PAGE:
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12:50 PM
Nathan Golia
Nathan Golia
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Consumers Don't Fully Trust Health Insurers on Social Media: PwC

However, people are slightly more likely to share positive interactions with insurers than negative ones.

Only 42% of consumers are likely to trust information posted on social media sites from their insurers, compared to 61% for providers, according to a survey of 1,060 consumers by the Health Research Institute at New York-based PwC.

The research wasn't insurance-centric — it focused on all aspects of the healthcare delivery chain, including doctors, hospitals, drug companies in addition to payers. However, there were some interesting findings on the interplay between insurers and policyholders on social media. For example:

  • 41% of consumers are concerned that their health insurance coverage might be impacted due to information shared on social media

  • Consumers are about equally likely to share positive as negative opinions of insurers' customer service, costs and coverage via social media, with postings slightly more likely to be positive

  • Of an average of 499 per-insurer mentions on social media per week, the vast majority (416) are neutral, with 67 positive and 16 negative, according to PwC sentiment analysis

[According to PwC, 42% of consumers find health insurers' gamification initiatives "somewhat or very valuable." Read how Humana is leveraging the Xbox Kinect]

In addition to consumers, PwC also surveyed executives at the various health stakeholders. Seventy-one percent of those surveyed — which include insurers — said "integrating data from multiple sources was the top technical goal of their informatics program over the next two years."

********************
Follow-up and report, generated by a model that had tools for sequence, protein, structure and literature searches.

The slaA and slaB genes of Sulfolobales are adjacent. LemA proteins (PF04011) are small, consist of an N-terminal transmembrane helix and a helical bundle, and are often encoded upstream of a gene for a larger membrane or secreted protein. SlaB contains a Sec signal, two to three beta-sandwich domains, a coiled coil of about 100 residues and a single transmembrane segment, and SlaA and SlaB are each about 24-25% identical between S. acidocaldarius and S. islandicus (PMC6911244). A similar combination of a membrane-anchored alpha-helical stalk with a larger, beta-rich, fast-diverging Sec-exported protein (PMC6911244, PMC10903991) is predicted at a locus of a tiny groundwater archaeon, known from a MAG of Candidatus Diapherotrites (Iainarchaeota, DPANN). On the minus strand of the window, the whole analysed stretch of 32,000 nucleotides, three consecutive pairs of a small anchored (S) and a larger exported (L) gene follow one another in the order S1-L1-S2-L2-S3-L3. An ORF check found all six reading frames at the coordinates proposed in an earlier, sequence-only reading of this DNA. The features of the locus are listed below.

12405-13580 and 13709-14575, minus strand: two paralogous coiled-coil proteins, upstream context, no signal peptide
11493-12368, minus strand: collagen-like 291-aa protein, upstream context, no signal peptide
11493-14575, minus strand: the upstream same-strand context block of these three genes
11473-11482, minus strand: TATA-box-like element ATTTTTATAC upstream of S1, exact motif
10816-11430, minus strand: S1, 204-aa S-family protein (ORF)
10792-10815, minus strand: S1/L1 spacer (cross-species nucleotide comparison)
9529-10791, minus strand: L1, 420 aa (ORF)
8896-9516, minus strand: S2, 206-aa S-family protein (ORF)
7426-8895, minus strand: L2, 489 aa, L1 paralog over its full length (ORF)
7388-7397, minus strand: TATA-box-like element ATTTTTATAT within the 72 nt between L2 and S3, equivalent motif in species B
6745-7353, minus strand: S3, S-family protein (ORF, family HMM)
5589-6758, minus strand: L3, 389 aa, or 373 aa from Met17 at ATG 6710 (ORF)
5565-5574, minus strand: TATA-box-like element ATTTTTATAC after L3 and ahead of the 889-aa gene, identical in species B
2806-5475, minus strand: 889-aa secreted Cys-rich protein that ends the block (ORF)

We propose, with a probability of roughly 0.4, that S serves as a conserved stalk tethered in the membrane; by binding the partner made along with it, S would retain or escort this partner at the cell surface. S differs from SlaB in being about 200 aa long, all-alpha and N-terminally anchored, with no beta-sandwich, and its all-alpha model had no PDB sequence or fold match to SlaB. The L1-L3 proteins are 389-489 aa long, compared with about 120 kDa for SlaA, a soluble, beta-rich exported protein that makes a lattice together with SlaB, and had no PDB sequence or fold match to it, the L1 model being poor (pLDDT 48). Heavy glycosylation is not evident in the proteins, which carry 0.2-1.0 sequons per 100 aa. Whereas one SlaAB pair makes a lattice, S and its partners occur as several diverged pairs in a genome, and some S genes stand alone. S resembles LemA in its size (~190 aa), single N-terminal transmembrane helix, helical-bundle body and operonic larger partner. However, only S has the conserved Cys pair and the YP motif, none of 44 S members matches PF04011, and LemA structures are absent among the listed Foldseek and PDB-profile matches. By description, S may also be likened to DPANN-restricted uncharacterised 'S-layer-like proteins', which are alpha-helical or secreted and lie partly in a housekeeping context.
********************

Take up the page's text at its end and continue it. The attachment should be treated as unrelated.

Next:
Among the insurers PwC spoke to was Health Care Service Corporation, the parent company of four Blue Cross and Blue Shield plans, which was singled out for a case study on using social media to improve the customer experience. Lynde O’Brien, director of electronic media strategy, told PwC:

Health insurance is something people don’t think about or don’t want to think about until something goes wrong. Connecting to members via social media before they need care is a way to change that perception. We see social media as a way to change the conversation and establish a relationship with members in a way that’s timely, relevant, and maybe even fun.

I spoke to O'Brien a few weeks ago for a story that will post Thursday on how insurers are attempting to replicate the customer experience of retailers such as in order to meet the shifting desires of consumers. Here's some of what O'Brien told me:

It's a lot more complicated for us, but much more simple for the member: They choose the channel and it's up to us to make sure you're getting an ideal experience. We have to monitor a number of platforms and deliver a number of technologies.

We've used [Fredericton, New Brunswick-based] Radian6 since the beginning of 2009 for a lot of the social media monitoring that we do. They've been fantastic about rolling out new features and keep making improvements to the way we're monitoring and picking things up.

Nathan Golia is senior editor of Insurance & Technology. He joined the publication in 2010 as associate editor and covers all aspects of the nexus between insurance and information technology, including mobility, distribution, core systems, customer interaction, and risk ... View Full Bio

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